Human Rights Watch, Edited by Sian Glaessner | 19.08.2003 17:16 | World
On the Angolan Government’s priority resettlement list: not women or children and other vulnerable groups but ex-combatants. "Angola is an oil-rich state with the resources to help its people," said Takirambudde. "There's no excuse for the way they have been suffering. "Angolan law has incorporated international standards on the protection of the displaced, but the government has failed to respect that law in practice. Hundreds have been killed or maimed by landmines as they tried to make their way home across former battlefields.
Many who have made their homes elsewhere since fleeing the war have been forcibly returned to their former homes. Local authorities have used violence and threats of violence to “persuade” internally displaced Angolans to return. One such incident occurred in transit center Cambabe II, in Bengo Province. Local administration and police forces entered the camp in September and October 2002, and burned the internally displaced Angolans' homes and 10 acres of crops. With their homes and crops destroyed, the displaced people had nowhere to go except their home areas, which were not ready to receive them. Most fled immediately, without stopping to gather the animals or possessions that had survived the fire.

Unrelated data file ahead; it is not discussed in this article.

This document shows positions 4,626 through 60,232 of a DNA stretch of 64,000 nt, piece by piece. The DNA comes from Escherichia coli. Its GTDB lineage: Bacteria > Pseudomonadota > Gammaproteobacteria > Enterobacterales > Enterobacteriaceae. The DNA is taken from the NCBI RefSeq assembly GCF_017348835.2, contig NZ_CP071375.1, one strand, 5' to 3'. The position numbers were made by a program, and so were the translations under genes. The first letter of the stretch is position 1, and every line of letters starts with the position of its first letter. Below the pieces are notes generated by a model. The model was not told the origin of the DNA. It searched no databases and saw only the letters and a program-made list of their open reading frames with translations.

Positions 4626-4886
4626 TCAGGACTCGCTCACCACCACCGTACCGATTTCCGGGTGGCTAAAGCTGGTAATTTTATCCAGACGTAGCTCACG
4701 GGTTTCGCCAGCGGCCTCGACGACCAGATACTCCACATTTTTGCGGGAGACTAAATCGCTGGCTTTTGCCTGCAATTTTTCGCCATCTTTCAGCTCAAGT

Marlene V., 28, told Human Rights Watch that local authorities instructed her family to leave Bengo II and go to Sanza Pombo (their place of origin), even though they wanted to remain at Bengo II. She said:
“I don't have any one there. My mother and father passed away and my children are going to school here [in Negage]. In Sanza Pombo there are no health centers or other services. My husband went there and told me so.”
In Bengo II, there were about 12 families from Sanza Pombo that did not wish to return. Jorge S., 33, told Human Rights Watch their reasons for remaining:
“We have been here since September 1999. Here we have a house and land to work on. `Return' means go to a place where roads don't even go.”
In other cases, displaced people have been prevented from moving where they want to go, in particular to Luanda, the capital city. Helena S., 29, a displaced woman interviewed by Human Rights Watch in U¡ge, where she had been living as a displaced person for years, told us that local authorities had been preventing her from moving on to Luanda, where five of her children and other family members were living. She told a Human Rights Watch researcher:
“I have not seen my mother for seven years. We were separated during the war. I
am from Mbanza Kongo. Here [in Negage] I don't have land. I don't have
anything. I have five children in Luanda and two here with me. I wanted to go
to Luanda where I have family but they told us to wait. I have been waiting
for ten months. I've been waiting [ever] since there was finally peace.”
Human Rights Watch, Edited by Sian Glaessner